Tokyo must approach Japan’s neighbors with a conciliatory tone. Asian people affected by Japanese imperialism deserve a sincere apology. If Japan does not stop the current historical revisionism, it will not be able to influence its neighbors effectively and rather than cooperation, Tokyo will receive opposition. Japan must guide Asia to an era of postmodernism; i.e., Japan should help build a region oriented towards peace, prosperity, and cooperation. Moreover, Tokyo could become a broker between Asia and the rest of the world before Beijing claims that seat. Otherwise, Japan runs the risk of isolation from the other Asian powers and will face a diplomatic “lost century” in comparison to China.

japan_history_1Japan must rethink its special alliance with the United States and become a normal nation-state. For Tokyo to gain more political independence in relation to Washington D.C., Japan must understand that defensive cooperation is not a synonym for limited political autonomy and influence. Tokyo must convince Washington D.C. that since both the U.S. and Japan share common values and interests, Tokyo deserves a political leadership equivalent to its economic size and cultural charm. Currently, the uncertainty and instability in Asia offer a window of opportunity to create domestic and foreign consensus for establishing powerful and legitimate full-fledged armed forces and exercising the legal rights of belligerency and collective defense.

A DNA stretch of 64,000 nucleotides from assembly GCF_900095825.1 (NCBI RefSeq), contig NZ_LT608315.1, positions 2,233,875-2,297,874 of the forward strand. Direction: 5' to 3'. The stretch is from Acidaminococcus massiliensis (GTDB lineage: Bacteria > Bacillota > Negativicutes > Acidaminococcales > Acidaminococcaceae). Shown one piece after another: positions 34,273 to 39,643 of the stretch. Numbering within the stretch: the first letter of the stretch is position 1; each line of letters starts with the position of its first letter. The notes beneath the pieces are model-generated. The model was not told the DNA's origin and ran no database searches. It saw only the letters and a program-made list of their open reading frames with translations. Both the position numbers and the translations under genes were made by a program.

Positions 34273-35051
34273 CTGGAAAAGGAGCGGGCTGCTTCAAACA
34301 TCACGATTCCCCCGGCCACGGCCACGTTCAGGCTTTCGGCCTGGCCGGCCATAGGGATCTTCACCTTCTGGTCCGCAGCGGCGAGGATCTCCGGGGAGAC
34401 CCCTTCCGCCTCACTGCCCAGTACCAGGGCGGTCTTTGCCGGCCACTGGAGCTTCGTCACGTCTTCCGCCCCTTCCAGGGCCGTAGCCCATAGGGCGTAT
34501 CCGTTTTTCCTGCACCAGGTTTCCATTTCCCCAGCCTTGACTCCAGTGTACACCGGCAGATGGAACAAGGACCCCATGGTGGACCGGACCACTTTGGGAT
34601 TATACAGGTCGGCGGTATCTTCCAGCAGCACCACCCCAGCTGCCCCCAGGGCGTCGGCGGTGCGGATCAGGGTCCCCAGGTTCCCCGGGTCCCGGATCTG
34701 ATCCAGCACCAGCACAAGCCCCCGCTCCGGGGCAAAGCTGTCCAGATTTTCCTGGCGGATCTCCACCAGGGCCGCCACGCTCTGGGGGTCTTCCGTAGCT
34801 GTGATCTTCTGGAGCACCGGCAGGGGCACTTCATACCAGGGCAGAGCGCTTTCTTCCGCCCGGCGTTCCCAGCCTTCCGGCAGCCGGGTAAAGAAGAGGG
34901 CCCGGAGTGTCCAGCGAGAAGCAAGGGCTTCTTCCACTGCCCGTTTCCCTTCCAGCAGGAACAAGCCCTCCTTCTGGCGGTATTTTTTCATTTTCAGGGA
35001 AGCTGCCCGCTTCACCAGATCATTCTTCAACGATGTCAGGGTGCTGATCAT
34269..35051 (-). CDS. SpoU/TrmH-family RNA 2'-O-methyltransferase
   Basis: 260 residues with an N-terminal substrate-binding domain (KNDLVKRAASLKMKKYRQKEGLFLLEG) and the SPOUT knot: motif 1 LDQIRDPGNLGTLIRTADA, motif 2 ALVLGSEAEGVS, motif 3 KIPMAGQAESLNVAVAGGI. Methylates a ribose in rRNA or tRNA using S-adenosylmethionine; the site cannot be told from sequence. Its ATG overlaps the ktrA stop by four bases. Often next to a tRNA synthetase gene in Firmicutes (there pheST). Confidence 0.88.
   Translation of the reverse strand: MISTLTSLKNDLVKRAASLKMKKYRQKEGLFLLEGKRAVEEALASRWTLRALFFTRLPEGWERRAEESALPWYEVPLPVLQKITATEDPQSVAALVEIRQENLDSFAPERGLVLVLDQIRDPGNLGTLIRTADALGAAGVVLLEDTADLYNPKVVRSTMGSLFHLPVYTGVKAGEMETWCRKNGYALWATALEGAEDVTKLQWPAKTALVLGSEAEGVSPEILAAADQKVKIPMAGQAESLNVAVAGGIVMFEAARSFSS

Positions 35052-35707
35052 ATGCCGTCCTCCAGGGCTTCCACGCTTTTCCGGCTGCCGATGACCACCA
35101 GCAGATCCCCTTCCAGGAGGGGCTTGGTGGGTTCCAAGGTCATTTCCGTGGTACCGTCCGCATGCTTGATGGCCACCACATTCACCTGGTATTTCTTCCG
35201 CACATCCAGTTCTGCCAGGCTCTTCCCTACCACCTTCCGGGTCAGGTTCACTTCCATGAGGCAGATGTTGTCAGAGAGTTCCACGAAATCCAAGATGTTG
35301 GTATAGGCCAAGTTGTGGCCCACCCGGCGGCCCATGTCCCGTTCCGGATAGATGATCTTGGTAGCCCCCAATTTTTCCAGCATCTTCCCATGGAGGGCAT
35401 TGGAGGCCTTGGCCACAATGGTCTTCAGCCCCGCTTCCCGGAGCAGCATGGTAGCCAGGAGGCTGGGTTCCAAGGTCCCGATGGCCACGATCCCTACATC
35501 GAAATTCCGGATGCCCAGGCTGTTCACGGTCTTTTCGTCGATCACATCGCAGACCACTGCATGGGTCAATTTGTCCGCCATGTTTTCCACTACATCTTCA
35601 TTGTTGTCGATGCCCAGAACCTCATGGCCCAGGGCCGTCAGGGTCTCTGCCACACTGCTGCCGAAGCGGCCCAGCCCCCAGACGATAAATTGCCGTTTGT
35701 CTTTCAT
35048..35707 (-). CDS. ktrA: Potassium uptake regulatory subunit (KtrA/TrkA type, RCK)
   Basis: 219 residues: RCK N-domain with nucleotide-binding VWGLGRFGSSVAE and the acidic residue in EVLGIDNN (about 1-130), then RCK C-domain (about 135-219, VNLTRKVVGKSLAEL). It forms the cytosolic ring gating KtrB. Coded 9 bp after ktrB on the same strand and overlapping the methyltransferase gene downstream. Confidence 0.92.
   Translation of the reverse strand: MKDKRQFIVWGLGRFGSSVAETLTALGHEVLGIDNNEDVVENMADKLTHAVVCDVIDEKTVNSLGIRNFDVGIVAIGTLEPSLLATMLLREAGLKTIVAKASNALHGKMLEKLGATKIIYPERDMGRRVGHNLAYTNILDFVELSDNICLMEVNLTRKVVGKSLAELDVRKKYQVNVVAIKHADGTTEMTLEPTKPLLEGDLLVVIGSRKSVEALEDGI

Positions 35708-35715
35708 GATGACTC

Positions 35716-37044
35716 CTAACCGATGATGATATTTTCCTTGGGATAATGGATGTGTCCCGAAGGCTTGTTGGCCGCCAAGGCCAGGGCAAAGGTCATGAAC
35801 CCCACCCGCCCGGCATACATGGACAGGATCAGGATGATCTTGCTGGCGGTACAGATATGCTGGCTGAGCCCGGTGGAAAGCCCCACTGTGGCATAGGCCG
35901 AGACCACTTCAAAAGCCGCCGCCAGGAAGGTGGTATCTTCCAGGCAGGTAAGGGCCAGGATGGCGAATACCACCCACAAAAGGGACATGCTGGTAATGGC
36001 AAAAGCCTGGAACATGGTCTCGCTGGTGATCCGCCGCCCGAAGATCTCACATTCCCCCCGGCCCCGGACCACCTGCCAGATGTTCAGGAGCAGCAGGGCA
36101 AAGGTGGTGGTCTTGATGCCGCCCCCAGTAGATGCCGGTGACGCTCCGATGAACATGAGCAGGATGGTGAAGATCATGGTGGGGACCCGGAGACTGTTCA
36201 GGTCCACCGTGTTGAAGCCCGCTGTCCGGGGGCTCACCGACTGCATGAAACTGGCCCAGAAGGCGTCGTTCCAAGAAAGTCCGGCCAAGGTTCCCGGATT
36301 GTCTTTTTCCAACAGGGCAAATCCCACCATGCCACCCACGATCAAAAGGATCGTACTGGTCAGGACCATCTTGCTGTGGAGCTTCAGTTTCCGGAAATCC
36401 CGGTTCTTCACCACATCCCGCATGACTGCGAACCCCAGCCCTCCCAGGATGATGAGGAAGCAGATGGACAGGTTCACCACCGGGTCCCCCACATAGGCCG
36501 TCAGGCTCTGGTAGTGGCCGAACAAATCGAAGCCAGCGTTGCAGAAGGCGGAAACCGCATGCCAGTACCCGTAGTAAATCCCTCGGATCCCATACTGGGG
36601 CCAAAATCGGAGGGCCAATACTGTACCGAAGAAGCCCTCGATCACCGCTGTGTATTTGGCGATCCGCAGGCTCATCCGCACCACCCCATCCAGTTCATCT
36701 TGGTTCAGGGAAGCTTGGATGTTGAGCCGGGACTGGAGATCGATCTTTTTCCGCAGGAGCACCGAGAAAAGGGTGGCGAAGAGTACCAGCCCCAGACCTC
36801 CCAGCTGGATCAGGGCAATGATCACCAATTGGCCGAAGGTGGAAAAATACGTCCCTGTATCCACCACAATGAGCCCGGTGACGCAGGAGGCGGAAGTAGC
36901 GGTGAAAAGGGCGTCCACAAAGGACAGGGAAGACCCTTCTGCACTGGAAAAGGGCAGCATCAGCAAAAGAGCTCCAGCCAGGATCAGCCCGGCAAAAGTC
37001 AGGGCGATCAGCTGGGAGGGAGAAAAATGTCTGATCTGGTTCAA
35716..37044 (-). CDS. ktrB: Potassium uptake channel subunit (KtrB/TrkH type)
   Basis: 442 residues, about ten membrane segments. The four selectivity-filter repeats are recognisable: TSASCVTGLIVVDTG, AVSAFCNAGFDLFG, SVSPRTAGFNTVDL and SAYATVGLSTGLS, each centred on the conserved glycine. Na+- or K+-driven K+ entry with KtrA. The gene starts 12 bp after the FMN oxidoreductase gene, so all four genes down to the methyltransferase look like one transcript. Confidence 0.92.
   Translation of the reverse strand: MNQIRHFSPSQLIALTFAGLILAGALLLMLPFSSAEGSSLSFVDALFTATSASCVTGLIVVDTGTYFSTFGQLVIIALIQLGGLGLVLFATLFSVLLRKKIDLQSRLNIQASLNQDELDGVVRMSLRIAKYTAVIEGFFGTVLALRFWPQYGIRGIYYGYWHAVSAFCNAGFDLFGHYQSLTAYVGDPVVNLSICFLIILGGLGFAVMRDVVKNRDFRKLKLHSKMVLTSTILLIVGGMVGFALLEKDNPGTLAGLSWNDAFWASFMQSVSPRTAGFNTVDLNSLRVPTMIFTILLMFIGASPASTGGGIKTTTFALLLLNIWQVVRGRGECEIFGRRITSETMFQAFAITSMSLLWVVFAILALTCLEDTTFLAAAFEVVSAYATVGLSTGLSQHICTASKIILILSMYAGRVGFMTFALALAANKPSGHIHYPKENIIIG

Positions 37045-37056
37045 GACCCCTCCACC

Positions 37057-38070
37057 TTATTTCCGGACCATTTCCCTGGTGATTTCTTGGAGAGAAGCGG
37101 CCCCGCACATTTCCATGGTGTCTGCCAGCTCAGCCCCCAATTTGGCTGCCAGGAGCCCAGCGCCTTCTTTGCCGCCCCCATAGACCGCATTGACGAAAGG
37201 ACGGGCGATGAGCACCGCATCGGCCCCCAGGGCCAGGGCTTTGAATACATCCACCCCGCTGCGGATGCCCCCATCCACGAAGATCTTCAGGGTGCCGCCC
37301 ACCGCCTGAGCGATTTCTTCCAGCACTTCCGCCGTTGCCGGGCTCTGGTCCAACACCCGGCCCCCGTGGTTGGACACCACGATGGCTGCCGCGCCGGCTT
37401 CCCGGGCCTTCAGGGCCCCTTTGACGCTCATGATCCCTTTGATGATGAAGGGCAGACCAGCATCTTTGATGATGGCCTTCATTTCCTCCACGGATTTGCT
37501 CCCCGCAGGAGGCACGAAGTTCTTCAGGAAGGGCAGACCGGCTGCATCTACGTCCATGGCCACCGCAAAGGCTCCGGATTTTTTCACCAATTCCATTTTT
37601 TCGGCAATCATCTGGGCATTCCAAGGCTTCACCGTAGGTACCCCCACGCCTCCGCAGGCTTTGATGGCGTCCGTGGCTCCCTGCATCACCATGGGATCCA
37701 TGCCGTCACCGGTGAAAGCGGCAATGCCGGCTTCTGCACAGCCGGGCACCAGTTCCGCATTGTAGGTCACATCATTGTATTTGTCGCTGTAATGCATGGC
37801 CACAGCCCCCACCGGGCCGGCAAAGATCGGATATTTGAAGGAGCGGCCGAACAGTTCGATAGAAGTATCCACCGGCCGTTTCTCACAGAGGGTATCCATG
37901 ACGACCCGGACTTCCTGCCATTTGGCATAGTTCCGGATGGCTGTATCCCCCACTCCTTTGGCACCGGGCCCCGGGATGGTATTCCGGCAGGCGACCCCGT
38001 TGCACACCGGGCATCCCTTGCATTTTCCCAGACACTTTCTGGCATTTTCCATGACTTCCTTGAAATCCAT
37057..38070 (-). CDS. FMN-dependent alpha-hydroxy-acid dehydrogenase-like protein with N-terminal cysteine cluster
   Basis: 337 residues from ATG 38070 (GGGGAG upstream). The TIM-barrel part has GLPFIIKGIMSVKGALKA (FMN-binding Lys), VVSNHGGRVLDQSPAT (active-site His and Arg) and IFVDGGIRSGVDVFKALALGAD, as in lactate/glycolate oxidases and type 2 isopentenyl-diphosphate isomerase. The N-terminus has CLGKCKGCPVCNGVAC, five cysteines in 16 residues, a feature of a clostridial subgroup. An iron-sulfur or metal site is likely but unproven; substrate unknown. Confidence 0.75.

Tokyo must use the power of Japanese multinational companies to earn influence. A key influence of Japanese foreign and security policy formulation is the Ministry of International Trade and Industry (MITI) that serves as a communication channel between Tokyo and the private sector of Japan. MITI’s agenda and policies could only be better understood if we track down their economic interests beyond the national security discourse and back to the to Japanese companies that operate overseas and constantly lobby Tokyo for free trade opportunities. A clear example of Japanese pressure groups is the Japan-Mexico Economic Partnership Association, which entered into force on April 1 2005, after Japanese companies had lobbied Tokyo to start negotiations with Mexico City on how to strengthen the bilateral economic relationship. Japan had been a strong proponent of global trade mechanisms, like the WTO, but Tokyo shifted their policy to a more regional approach in order to recover from the lost economic decade (1990) and regain competitiveness in the U.S. market by creating supply chains in Mexico for Japanese companies operating in the NAFTA region. Now Japan is perceived as a peace and trade loving nation-state with limited defense capabilities and limited global political influence, but as Japan shifts towards a more assertive foreign policy and national security stand, the role of the Japanese private sector to help Tokyo take a global leadership stand will be significant.  While we can expect Tokyo’s further support for Asia Pacific Economic Cooperation (APEC) and the Transpacific Partnership (TPP) as a measure to counter Chinese influence in the Pacific Rim, the foreseeable reaction of major Japanese conglomerates to the new era of mercantilism and protectionism that the U.K. and the U.S. are proposing and leading, mostly in the Pacific Basin and North America, would be demanding Tokyo to negotiate regional free trade areas.